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michael_vassar comments on The Third Alternative - Less Wrong

55 Post author: Eliezer_Yudkowsky 06 May 2007 11:47PM

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Comment author: michael_vassar 07 May 2007 10:17:17PM 1 point [-]

Rob: I think that some psychologists might say something like the following. Confirmation bias causes new evidence to accumulate in favor of existing beliefs. Subsequent to the accumulation of such evidence, the refutation of the original evidence for a belief will not eliminate the belief. When the beliefs in question are normative evaluations, this is called the "halo effect".

Initial evidence that something, for instance ethical behavior, is good because it leads to Santa giving presents could lead to a bias in favor of noticing other evidence that ethical behavior is good, such as it eliminates some of the cognitive burden of lying, and it makes other people happy thus promoting vicarious pleasure. Sensitivity to these possibilities may lead to their better exploitation, and thus to a history of Pavlovian reinforcement from good behaviors.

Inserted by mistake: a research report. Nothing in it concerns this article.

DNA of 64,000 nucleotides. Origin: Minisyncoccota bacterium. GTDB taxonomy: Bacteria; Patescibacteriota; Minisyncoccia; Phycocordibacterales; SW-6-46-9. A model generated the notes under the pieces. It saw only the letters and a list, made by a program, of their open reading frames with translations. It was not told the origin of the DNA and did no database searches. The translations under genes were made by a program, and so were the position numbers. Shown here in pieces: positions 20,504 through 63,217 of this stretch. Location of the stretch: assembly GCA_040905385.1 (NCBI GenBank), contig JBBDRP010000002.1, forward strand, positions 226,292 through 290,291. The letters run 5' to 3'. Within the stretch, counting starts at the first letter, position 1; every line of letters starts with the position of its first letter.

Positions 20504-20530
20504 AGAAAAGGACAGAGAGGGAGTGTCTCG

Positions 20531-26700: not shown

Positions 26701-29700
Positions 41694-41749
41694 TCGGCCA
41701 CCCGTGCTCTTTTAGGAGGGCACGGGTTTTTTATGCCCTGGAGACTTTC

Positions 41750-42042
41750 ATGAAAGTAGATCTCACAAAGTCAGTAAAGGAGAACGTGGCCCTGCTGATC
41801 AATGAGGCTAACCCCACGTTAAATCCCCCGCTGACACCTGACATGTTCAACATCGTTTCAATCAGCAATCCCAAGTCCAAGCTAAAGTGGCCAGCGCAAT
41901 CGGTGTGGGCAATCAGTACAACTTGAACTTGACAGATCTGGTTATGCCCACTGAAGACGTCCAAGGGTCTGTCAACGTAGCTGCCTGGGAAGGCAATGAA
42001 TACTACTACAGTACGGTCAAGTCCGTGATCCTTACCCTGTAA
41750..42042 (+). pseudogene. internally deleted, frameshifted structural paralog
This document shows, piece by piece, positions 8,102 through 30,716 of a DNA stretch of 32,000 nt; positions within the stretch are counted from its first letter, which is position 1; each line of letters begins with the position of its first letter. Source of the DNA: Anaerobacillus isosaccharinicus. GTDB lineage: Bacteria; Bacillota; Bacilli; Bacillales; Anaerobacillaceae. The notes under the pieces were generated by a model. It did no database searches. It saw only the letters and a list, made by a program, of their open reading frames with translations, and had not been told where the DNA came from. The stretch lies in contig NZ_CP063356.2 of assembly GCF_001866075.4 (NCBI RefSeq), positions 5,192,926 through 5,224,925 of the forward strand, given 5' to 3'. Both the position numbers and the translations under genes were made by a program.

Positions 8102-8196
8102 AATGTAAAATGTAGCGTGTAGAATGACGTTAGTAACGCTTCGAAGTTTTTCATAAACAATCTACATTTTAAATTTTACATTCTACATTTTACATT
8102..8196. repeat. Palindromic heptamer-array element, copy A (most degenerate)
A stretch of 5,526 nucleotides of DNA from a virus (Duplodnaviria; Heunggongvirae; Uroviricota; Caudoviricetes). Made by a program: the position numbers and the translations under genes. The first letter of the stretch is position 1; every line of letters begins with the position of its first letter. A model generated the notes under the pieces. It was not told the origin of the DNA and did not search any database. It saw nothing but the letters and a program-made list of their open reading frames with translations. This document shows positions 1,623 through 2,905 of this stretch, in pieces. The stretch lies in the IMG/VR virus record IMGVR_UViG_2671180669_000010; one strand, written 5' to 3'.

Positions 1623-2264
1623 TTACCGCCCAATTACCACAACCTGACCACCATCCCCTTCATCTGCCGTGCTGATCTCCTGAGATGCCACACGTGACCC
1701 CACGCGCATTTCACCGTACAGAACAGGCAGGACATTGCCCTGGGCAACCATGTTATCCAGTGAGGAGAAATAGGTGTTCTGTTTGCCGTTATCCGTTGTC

That being said, much of Jewish and to a lesser degree Catholic law consists of the justification of reversion to preferred morality where it differs (usually in the sense of being much more ethical as modern seculars would understand the term) than the morality promoted by their theoretical authority figure, implying a (fortunate) failure of internalization of religious morality. More speculatively, some scholars have blamed the barbarities of the Soviets and NAZIs on (among other things) the reversion to a tribal/nationalist preferred morality which Christianity had advocated replacing, or simply to conformity or sadism in response to a moral vacuum. Unfortunately for this thesis, the Japanese, with a presumably more resilient internalized morality, committed comparable though somewhat lesser atrocities, suggesting, at best, that reverting to tribalism/nationalism is not much worse for outsiders than never having abandoned it. Unfortunately for this discussion, there are no obvious examples of maturely secular nations with universalist ethical axioms fighting major wars, but that fact could also be seen as tending to confirm the above speculation.